"Right now, Pennsylvania looks like the single most important state of the 2020 election. According to FiveThirtyEight’s presidential forecast, Pennsylvania is by far the likeliest state to provide either President Trump or Joe Biden with the decisive vote in the Electoral College: It has a 31 percent chance of being the tipping-point state.1 (That’s what happens when you take one of the most evenly divided states in the union and give it 20 electoral votes.) In fact, Pennsylvania is so important that our model gives Trump an 84 percent chance of winning the presidency if he carries the state — and it gives Biden a 96 percent chance of winning if Pennsylvania goes blue."
— Nathaniel Rakich ([email protected]) (FiveThirtyEight) (9/15) (Email) (Pocket)
The Democrats' Undeserving & Uncivil Campaign
"even weeks from the 2020 election, American politics have reached such an appalling state of incivility that there is no precedent for it in American presidential history. Of course, there was terrible acrimony between Jefferson and Hamilton, and by and against Andrew Jackson, and in the awful contentiousness leading up to and through the Civil ..."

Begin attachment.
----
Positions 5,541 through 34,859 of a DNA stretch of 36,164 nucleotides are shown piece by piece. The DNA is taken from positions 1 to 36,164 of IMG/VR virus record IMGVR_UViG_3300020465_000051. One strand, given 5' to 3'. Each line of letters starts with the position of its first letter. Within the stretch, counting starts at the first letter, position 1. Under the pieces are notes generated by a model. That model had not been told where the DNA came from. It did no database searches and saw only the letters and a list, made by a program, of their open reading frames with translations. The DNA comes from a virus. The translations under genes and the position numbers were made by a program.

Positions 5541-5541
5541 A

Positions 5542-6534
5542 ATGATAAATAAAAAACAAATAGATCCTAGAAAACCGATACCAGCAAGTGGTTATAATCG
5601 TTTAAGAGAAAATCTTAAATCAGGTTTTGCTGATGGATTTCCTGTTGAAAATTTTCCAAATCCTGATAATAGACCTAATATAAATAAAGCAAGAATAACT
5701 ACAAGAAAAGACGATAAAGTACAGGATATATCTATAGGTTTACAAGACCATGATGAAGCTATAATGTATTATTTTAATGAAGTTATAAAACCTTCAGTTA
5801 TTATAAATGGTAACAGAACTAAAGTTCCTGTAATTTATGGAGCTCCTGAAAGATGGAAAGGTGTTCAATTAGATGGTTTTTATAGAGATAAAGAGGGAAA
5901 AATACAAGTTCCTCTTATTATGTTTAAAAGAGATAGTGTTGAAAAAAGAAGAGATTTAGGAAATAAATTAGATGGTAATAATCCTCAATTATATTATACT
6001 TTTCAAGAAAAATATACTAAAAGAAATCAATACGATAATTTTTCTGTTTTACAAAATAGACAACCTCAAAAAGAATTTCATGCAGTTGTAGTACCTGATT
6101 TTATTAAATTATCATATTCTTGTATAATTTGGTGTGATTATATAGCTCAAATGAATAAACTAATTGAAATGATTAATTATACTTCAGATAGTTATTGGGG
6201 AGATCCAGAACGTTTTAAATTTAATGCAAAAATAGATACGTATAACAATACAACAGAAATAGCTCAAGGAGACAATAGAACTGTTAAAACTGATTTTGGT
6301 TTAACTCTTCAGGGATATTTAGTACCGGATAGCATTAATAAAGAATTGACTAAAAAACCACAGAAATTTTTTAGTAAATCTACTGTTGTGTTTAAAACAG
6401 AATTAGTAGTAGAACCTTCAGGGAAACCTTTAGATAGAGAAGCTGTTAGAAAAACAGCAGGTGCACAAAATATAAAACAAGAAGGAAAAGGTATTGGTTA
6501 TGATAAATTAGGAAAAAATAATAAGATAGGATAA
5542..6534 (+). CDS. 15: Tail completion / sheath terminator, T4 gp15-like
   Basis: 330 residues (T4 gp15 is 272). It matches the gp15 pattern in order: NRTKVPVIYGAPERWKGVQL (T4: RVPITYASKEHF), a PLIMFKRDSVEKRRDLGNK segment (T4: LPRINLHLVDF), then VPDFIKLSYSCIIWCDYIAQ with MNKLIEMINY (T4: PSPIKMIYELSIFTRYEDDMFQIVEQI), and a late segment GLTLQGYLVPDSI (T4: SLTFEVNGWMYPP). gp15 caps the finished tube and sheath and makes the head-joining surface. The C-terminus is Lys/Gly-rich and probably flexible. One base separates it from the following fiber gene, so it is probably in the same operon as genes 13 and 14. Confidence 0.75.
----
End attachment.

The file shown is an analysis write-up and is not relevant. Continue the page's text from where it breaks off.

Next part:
— Conrad Black, American Greatness (Real Clear Politics) (9/15) (Email) (Pocket)
— Lee G. Hornbrook (Medium) (9/17) Sep 18, 2020
How to Succeed in First-Year College Writing
"College writing is the only course required of all students at the university level. Even with AP tests eliminating first-year writing for some students, a third-semester course is often required that all students must take."
— Lee G. Hornbrook (Medium) (9/17) (Email) (Pocket)
Infection Rates Soar in College Towns as Students Return
"Amid a spike in cases at the University of Colorado at Boulder, county health authorities Tuesday urged all students to quarantine for two weeks. Students and others at the university have accounted for 76% of the county’s 663 positive cases over the past two weeks, officials said."